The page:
Policy economists analyze relationships between variables in order to understand, predict, plan for, and influence behavior, among other things. In order to understand the sophisticated, complex behavior of economic agents in the marketplace, then, we have to be able to model that behavior using complex, nonlinear functions, and then analyze our models appropriately.

More simply, real world behavior is not linear. Therefore, any attempt to understand real economic behavior requires nonlinear modeling and the appropriate use of calculus. Any other, simpler forms of analysis lack the detail and sophistication essential to creating and evaluating policy.

A nonlinear function by definition has a different slope at every point along
the curve, unlike a **linear **f**unction**
whose slope stays constant. In order to calculate a constantly changing
slope, we will use the techniques developed in calculus. Since our focus
is practical analysis, we'll review just enough theory to be confident that
our economic models are mathematically well founded.

Recall that a circle is an example of a nonlinear function. A tangent line is a straight line that touches our circle only at a single point. As you move around a circle, imagine drawing a tangent line for each point; it's clear to see that the slope of that tangent line will constantly be changing, and can be used as an approximation for the slope of the (nonlinear) circle at that particular point. Then all we need to do is to correctly identify the tangent line associated with that point on the curve, and then determine the slope of that (linear) tangent line.

Basic calculus, briefly, is the determination of the slope of a point on a nonlinear function. The techniques are based on this idea of using a tangent line to approximate the slope of a nonlinear function at a point. Lucky for us, Newton did all the hard work proving the theory and developing the rules. For purposes of this review, we will skip the proofs and go straight to the mechanics of the method of differentiation.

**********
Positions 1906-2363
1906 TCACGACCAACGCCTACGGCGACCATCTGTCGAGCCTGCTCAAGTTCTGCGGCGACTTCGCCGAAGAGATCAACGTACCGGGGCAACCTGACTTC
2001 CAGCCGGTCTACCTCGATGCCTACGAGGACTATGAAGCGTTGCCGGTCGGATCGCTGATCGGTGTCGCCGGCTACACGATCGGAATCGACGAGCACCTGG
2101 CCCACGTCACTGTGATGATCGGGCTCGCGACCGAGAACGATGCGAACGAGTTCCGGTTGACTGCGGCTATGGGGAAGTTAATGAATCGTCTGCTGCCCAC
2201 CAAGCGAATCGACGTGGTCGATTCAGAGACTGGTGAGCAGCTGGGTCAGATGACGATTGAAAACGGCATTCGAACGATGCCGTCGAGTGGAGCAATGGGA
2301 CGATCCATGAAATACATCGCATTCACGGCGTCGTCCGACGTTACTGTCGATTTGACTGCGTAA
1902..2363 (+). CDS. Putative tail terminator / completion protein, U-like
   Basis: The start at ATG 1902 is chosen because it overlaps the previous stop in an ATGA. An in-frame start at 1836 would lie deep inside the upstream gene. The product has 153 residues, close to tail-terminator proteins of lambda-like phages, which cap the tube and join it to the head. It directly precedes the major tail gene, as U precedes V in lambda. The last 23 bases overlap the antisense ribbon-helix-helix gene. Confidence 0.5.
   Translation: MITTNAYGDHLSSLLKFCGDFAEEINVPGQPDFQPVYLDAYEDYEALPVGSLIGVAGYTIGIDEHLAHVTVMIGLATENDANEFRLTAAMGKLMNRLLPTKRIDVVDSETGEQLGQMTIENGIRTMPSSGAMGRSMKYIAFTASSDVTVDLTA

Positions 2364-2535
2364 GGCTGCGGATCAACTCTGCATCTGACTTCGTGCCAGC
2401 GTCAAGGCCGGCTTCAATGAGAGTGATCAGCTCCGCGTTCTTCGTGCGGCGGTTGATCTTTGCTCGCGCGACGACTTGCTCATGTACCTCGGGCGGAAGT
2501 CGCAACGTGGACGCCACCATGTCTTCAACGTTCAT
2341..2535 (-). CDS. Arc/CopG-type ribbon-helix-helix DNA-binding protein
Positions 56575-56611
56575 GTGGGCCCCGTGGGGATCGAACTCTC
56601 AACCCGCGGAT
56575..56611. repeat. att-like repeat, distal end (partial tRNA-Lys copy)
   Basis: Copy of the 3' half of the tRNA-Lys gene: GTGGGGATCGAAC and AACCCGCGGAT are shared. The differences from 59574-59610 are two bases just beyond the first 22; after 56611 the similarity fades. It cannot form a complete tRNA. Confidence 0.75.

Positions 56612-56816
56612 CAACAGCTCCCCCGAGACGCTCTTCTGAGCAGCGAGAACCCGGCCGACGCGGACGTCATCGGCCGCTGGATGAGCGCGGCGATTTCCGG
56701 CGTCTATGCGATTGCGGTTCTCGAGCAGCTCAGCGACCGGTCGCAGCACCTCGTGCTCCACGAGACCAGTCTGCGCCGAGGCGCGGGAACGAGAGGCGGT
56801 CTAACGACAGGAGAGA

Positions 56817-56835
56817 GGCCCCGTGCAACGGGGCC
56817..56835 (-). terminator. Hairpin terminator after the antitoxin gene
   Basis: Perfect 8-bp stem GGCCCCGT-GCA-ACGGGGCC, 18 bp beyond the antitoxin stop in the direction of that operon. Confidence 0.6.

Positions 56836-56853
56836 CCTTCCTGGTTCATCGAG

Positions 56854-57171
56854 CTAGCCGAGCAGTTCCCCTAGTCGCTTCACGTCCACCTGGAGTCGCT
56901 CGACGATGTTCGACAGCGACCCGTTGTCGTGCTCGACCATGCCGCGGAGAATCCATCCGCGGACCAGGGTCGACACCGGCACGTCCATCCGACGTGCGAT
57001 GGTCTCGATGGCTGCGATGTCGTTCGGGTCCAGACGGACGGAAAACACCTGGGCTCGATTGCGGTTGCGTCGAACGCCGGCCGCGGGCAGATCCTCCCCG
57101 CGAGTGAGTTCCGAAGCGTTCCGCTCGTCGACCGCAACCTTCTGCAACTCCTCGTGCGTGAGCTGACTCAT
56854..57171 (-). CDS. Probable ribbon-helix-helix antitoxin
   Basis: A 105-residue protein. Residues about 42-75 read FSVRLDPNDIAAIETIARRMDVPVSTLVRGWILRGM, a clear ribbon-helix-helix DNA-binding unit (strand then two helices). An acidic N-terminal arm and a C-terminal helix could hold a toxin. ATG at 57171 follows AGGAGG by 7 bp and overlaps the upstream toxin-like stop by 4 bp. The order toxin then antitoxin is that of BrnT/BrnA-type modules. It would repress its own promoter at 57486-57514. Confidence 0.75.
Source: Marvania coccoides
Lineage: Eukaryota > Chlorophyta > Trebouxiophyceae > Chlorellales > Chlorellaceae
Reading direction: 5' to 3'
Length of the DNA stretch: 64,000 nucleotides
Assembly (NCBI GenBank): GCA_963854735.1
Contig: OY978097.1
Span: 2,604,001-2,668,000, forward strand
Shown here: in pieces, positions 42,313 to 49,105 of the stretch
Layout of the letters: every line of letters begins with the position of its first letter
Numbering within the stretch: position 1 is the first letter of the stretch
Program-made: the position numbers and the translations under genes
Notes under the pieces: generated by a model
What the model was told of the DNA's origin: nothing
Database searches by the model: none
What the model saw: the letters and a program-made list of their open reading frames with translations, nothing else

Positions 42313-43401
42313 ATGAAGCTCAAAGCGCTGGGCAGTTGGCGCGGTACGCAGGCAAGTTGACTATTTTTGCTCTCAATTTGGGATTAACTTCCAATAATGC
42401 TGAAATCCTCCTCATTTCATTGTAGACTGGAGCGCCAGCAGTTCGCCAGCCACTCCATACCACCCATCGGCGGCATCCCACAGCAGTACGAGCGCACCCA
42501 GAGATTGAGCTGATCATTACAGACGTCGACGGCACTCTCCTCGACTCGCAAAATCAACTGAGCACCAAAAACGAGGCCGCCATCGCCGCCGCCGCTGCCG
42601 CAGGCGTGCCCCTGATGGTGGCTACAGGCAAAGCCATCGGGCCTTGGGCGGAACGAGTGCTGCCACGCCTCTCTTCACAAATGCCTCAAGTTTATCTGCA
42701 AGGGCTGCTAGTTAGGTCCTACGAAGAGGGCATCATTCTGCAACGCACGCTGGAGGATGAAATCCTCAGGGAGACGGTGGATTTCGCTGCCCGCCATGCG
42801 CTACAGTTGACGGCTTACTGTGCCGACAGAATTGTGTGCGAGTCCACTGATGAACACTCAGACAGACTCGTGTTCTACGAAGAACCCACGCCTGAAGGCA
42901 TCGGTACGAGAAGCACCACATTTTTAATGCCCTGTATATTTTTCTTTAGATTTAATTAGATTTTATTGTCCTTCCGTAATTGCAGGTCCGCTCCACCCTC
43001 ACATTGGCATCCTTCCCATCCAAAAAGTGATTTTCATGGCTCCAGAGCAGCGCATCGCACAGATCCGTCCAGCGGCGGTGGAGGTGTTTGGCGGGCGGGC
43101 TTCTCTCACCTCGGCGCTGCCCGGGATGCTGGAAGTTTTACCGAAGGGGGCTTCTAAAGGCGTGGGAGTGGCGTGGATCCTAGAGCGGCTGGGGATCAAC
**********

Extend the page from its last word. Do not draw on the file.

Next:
One last caveat. While the upside of a "cookbook" review (i.e. just recalling the how without worrying too much about the what or why), is found in its simplicity, so is the downside. As you learn or review technique, or use technique in the majority of cases, keep in mind that there are theoretical underlying assumptions that are crucial to the integrity of your results. These assumptions are usually treated as axiomatic, but as you become more sophisticated in your economic analytic skills and/or use real world data, it is imperative that you increase your theoretical sophistication as well by justifying your use of the assumptions as well as properly proving your results.

The main assumption we need in order to use the techniques of calculus is continuity.

Informally, a continuous function is one with no breaks in it. A more
formal definition will come later; for now, note that all **polynomial
functions** are continuous. In addition, all **rational functions**
**[link],** except where undefined, that is where their denominators are
equal to zero, are also continuous.

If a function is continuous and the slope exists, we can find it using the techniques of differentiation, our main calculus tool.

So, let's begin!

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